Trustees in the Pocatello/Chubbuck School District have extended a permanent superintendent position to longtime administrative employee Doug Howell.
“I’m excited to continue working with the people here,” Howell said. “I work with great people, which has made the job wonderful so far.”
Howell has been serving as interim superintendent in the district since July 1, 2015. His recent completion of a superintendent certificate from Idaho State University opened the way for his newly appointed, permanent position—raising his salary from $110,000 to $126,593 and extending his contract to June 30, 2019.
Howell earned the interim spot last year after board members dismissed their top three candidates. Howell was serving as human resources director.
“In our search last year, one of our major concerns was finding someone with experience in a larger district,” said Janie Gebhardt, board chair of the Pocatello/Chubbuck School District. “Most of our applicants came from either no experience in a district office or only in a smaller district. Dr. Howell didn’t initially apply, but when his name came forward we were delighted he would consider.”
Howell has since earned his superintendent certificate.
“The reason for his interim status was the need to complete some work toward credentialing, which he completed early in this school year,” Gebhardt said.
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Howell began his teaching career in Texas but his out-of-state stint ended abruptly because of a family illness.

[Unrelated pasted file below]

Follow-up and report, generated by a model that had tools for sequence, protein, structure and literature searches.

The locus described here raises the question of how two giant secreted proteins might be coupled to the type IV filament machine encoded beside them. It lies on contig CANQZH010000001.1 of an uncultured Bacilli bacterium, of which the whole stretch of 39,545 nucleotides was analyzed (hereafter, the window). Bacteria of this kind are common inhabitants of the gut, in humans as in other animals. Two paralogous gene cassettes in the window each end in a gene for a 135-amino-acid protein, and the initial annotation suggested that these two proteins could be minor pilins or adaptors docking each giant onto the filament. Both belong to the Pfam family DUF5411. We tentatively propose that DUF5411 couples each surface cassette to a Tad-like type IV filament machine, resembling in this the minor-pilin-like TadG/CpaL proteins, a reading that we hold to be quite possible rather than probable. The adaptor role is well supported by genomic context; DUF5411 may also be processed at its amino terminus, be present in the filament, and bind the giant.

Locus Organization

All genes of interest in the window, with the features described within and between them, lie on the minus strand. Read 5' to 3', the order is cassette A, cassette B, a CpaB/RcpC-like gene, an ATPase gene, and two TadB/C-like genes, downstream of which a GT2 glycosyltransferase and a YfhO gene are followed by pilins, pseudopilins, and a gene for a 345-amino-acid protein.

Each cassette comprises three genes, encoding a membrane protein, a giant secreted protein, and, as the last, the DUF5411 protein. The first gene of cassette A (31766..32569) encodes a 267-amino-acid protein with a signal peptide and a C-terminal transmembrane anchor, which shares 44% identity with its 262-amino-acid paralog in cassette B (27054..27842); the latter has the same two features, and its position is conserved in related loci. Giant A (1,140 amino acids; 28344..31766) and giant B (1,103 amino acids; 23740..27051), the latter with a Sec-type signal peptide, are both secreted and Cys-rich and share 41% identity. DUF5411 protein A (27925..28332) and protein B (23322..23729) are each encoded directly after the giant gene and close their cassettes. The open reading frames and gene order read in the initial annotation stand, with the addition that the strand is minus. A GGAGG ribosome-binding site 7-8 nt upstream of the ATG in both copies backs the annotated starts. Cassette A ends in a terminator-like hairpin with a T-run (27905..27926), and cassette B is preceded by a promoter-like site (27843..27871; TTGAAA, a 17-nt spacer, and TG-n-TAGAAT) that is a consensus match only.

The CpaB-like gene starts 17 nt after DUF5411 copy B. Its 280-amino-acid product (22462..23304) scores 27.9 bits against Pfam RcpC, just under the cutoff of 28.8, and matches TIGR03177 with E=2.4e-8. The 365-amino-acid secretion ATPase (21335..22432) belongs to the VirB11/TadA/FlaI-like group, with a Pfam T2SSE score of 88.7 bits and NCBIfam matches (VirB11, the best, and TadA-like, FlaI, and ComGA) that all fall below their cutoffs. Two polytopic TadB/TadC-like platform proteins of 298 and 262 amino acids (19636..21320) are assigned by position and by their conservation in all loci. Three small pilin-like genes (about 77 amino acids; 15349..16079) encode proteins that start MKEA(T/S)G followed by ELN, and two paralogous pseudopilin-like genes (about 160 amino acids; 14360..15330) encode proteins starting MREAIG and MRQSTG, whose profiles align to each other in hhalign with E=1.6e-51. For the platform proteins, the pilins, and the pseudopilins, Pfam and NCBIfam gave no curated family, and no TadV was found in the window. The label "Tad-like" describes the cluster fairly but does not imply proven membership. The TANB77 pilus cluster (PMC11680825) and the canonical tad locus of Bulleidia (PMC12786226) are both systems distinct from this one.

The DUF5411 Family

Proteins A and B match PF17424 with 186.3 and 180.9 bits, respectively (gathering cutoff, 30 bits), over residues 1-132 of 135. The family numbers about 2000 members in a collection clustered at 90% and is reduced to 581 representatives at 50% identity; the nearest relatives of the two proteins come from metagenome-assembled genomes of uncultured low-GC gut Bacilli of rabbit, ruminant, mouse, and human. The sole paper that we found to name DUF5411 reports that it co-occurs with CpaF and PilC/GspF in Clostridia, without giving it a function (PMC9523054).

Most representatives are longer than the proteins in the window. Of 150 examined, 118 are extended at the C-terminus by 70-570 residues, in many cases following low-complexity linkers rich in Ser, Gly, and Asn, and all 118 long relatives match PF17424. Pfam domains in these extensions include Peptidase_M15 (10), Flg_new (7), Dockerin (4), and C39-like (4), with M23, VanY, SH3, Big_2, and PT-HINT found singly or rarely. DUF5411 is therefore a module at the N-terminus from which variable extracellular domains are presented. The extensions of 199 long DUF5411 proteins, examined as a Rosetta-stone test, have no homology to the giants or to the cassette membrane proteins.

“My father-in-law was diagnosed with cancer years ago,” Howell said, “so we came back to Pocatello, where I began teaching at Alameda, where I attended junior high.”
After teaching for several years in Pocatello, Howell decided to take a supervision-of-instruction course at ISU — a decision that sparked his interest in school administration.
“The professor in that class said that if you can make a difference in the classroom, you can make difference as a building-level administrator,” Howell said. He earned an administrative certificate and obtained positions as a principal at Pocatello High School, Jefferson Elementary and eventually Highland High School — all within the bounds of the Pocatello/Chubbuck School District.
Howell said parents and students can expect to see some changes in the district.
“We have a continuous improvement plan more along the lines of what the state wants,” he said. “We will report more in terms of metrics.”
Howell pointed to two specific “quantifiable” ways of improving education in his district: graduation rates and attendance.
“We hover right around a 90 percent graduation rate at Pocatello High, which is pretty outstanding,” he said. “We also have a graduation rate of around 60 percent at New Horizons, the district’s alternative high school, which is also pretty impressive for those kinds of schools.”
Pocatello High School tallied a 91.9 percent graduation rate during the 2014-15 school year, and New Horizons came in at 64.4 percent.
Gebhardt said the board had no intentions of advertising the position to other possible candidates.
“We have been very pleased with his work with us,” she said. “There wasn’t any need to go back to a search process. The interim status was just to allow him to jump through the necessary hoops — and perhaps time for him to adjust to the enormity of the job.”
Gebhardt pointed to Howell’s district-wide experience to justify the board’s decision not to vet other candidates this go-round.
“He has worked in our district for a number of years and has varied experience — as teacher, administrator and most recently in human resources.”